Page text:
Injections of vaccines provoked paralytic poliomyelitis in children in the UK and elsewhere. The effect of multiple injections has not been recognized previously but could be important in the tropics where children receive many injections. A number of epidemics of poliomyelitis between 1914 and 1962 are related to children with congenital syphilis or yaws under treatment with arsenicals or penicillin. Rates of 25% of children with paralysis occurred in epidemics while in non-epidemic periods the increase in susceptibility was about 25 fold. Other possible cases of provocation are discussed. Although in the tropics injections before paralysis may be causal, it will be difficult to prove that they are not coincident. The very high rate of paralysis following multiple injections is powerful evidence that injections in the tropics are often causal.

PMID: 4035736 [PubMed - indexed for MEDLINE]


: Soc Sci Med 1984;19(9):911-5 Related Articles, Books, LinkOut

The popularity of injections in the Third World: origins and consequences for poliomyelitis.

Wyatt HV.

Paralysis from poliomyelitis may follow injections yet injections are extremely popular in the Third World. Some injections are given by hospital doctors and nurses but the majority are given by traditional healers, pharmacists and paramedical workers who have acquired syringes. Many injections may be given to a sick child. I suggest that the early use of vaccines did not persuade people of the mystic of injections and that the mystic predated the use of penicillin. The earliest mystical result would have been the injection of quinine for malaria and antrypal for sleeping sickness. The words brilliant, spectacular and dramatic were first used to describe the mass campaigns against yaws and kala-azar in the 1920s and 1930s. A single injection healed the ugly lesions in a week: cause and effect were visible. In the 1950s penicillin was used in mass eradication campaigns. The countries where injections are so popular correspond roughly with the areas of mass eradication programmes. Many or perhaps most of the injections are not sterile and present a great risk of attendant paralysis. Proof that injections are causal may be impossible. Meanwhile we need to know why injections are so popular and how they can be less so.

PMID: 6515426 [PubMed - indexed for MEDLINE]
: Lancet 1982 Sep 4;2(8297):550 Related Articles, Books, LinkOut

Poliomyelitis, paralysis, and provocative injections.

Morley D.

Publication Types:
  • Letter

PMID: 6125696 [PubMed - indexed for MEDLINE]
Trop Geogr Med 1982 Jun;34(2):163-8 Related Articles, Books, LinkOut

A prevalence survey of lower limb motor disorders in school-age children in Niger and an estimation of poliomyelitis incidence.

Thuriaux MC.

An investigation of lower limb motor disorders among school-age children in Niger has shown a prevalence rate of seven per thousand in this age group. Sequelae of poliomyelitis, the major group among these disorders, show no significant difference according to sex or to school attendance status. Eight per cent of children suffering from poliomyelitis sequelae are unable to work and a further eight per cent need crutches or other aids. Patient histories indicate that over 90% of cases occurred before the child's fourth birthday. Extrapolation from the observed data indicate a tentative annual incidence rate for paralytic poliomyelitis in the order of 45 per 100,000, a figure seven to ten times higher than the figures gathered from routine notifications of poliomyelitis in Niger. The total number of those unable to walk unaided among children under 15 can be estimated in 1981 at 1600, half of whom are unable to walk at all. Trauma to peripheral nerves after intramuscular injections, usually of quinine salts, is second only to poliomyelitis as a cause of lower limb motor disorders.

PMID: 6981872 [PubMed - indexed for MEDLINE]
East Afr Med J 1981 Jun;58(6):405-11 Related Articles, Books, LinkOut

Acute paralytic poliomyelitis among Nigerian children in Enugu.

Izuora GI.

PMID: 7308096 [PubMed - indexed for MEDLINE]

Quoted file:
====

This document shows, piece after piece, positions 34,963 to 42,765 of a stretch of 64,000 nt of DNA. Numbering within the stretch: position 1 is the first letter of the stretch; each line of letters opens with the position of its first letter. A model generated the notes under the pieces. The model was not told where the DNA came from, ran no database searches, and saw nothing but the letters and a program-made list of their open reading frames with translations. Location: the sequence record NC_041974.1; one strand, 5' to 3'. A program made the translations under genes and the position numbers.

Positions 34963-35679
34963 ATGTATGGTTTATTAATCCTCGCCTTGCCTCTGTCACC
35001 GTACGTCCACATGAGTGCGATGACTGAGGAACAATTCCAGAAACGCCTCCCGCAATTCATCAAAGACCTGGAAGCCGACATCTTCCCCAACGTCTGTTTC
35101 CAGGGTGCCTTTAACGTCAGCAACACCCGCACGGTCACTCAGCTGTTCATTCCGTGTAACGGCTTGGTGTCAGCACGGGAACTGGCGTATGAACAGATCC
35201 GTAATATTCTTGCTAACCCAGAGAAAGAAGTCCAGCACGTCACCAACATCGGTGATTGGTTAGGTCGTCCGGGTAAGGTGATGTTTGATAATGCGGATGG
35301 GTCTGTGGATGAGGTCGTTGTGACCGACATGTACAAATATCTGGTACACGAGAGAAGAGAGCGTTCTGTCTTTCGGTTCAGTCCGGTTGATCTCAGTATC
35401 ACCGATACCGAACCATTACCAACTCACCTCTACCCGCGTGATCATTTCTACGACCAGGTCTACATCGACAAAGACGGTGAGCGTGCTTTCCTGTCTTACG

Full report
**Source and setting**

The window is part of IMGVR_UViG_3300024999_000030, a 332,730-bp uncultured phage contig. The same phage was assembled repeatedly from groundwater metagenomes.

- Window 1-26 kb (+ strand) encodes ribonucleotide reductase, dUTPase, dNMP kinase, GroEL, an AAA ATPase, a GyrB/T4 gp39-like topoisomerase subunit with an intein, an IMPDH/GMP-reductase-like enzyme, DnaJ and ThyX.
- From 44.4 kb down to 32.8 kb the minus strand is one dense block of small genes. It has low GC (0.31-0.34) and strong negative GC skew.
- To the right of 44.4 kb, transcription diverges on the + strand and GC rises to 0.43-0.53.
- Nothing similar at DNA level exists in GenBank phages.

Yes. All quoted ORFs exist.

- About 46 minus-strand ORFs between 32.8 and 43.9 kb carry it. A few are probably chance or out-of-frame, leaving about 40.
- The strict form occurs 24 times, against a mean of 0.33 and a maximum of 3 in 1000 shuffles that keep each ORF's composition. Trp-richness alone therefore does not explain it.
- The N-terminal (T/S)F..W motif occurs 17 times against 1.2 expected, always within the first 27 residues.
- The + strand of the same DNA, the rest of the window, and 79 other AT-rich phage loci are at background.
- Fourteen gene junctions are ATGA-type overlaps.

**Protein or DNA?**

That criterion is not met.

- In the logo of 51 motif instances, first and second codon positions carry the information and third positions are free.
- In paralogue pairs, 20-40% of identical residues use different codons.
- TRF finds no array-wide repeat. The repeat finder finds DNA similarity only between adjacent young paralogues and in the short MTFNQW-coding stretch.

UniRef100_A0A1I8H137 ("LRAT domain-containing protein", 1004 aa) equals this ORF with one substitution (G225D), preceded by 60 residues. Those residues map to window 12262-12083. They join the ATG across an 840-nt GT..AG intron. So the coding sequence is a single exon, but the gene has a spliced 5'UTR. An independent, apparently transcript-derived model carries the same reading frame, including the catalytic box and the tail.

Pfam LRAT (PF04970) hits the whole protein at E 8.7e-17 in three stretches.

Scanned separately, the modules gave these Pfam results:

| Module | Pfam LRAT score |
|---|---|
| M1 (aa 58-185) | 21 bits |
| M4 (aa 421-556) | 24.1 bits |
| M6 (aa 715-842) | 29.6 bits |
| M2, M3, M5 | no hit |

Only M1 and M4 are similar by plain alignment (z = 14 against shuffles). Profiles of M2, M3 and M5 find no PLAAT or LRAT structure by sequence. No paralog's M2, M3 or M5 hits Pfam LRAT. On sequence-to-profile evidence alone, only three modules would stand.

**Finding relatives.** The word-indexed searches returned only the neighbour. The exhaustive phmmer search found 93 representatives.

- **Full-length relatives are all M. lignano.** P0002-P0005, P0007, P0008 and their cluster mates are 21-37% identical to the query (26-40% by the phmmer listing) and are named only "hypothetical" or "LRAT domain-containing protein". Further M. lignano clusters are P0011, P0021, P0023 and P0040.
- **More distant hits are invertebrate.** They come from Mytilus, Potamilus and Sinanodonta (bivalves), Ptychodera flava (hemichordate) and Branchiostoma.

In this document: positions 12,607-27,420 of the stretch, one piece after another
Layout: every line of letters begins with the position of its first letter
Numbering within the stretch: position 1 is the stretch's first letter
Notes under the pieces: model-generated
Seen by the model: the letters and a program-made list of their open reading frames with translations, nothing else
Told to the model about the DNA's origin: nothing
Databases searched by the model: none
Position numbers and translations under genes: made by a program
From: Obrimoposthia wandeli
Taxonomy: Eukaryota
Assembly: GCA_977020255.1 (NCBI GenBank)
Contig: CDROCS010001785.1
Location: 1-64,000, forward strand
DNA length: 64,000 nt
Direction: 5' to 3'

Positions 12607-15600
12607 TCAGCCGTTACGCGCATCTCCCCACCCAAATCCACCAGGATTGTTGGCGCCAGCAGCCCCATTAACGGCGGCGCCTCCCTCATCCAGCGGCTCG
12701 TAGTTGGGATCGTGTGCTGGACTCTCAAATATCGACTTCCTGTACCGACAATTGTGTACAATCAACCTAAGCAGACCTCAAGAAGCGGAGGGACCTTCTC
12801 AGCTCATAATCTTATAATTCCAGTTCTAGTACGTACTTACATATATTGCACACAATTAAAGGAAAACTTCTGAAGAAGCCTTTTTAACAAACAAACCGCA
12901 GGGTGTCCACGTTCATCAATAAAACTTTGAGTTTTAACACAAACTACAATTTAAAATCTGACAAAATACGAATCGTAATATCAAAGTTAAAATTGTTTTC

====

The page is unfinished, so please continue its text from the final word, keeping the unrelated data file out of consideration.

Afr J Med Med Sci 1980 Mar-Jun;9(1-2):73-80 Related Articles, Books, LinkOut

Is poliomyelitis in the tropics provoked by injections?

Wyatt HV.

In the tropics and sub-tropics, poliomyelitis is characterized by a high non-seasonal case-rate, very young victims and a predominance of leg paralysis following injections. It is proposes that this could be caused by infection of immunosuppressed infants with poliovirus of low virulence following mal-nutrition, infections with malaria and measles and treatment by injections. Vaccination policies are briefly reviewed and the complete safety of inactivated and oral poliovaccines in the tropics is queried on theoretical grounds. Even if injections are coincident with and not causal of paralysis, it may be difficult to persuade parents of this .

PMID: 6282092 [PubMed - indexed for MEDLINE]
Bull World Health Organ 1980;58(2):285-91 Related Articles, Books, LinkOut

Injections and paralytic poliomyelitis in tropical Africa.

Guyer B, Bisong AA, Gould J, Brigaud M, Aymard M.

PMID: 6249510 [PubMed - indexed for MEDLINE]
: J Bone Joint Surg Am 1979 Jan;61(1):52-5 Related Articles, Books, LinkOut

Contracture of the hip secondary to fibrosis of the gluteus maximus muscle.

Hang YS.

Twenty-eight children were treated who had limited flexion of the hips and various degrees of contracture of the abductor and external rotator muscles because of fibrosis of the gluteus maximus muscle. Although the lesions could be classified as those associated with poliomyelitis, infection of the gluteus maximus muscle, and fibrosis of unknown etiology, all forty-five hips had a typical restriction of motion such that an affected hip could not be flexed in the usual sagittal plane, but had to be flexed in abduction. Poliomyelitis may have been adjunctive to the causative factor of the lesion in some cases but the probable primary etiology was multiple intramuscular injections. Excellent correction of the hip contracture was achieved in all patients by division of the fibrotic bands.

PMID: 759436 [PubMed - indexed for MEDLINE]
Clin Pediatr (Phila) 1972 Dec;11(12):698-700 Related Articles, Books, LinkOut

Paralytic poliomyelitis before and after mass vaccination. A record of clinical and emographic experiences in southern Iran.

Kazemi B, Nourmand A, Ziai M.

From the article:  "Of the 200 patients, 98 or 49 percent, had been given an injection of some sort by their local physician two to 12 hours prior to the onset of paralysis.  Of these 98 patients, 84 were given penicillin; 6, vitamins; and 8, injections of unknown nature.  Interestingly, the extremity which had been injected was always involved in the paralysis." 

PMID: 4639316 [PubMed - indexed for MEDLINE]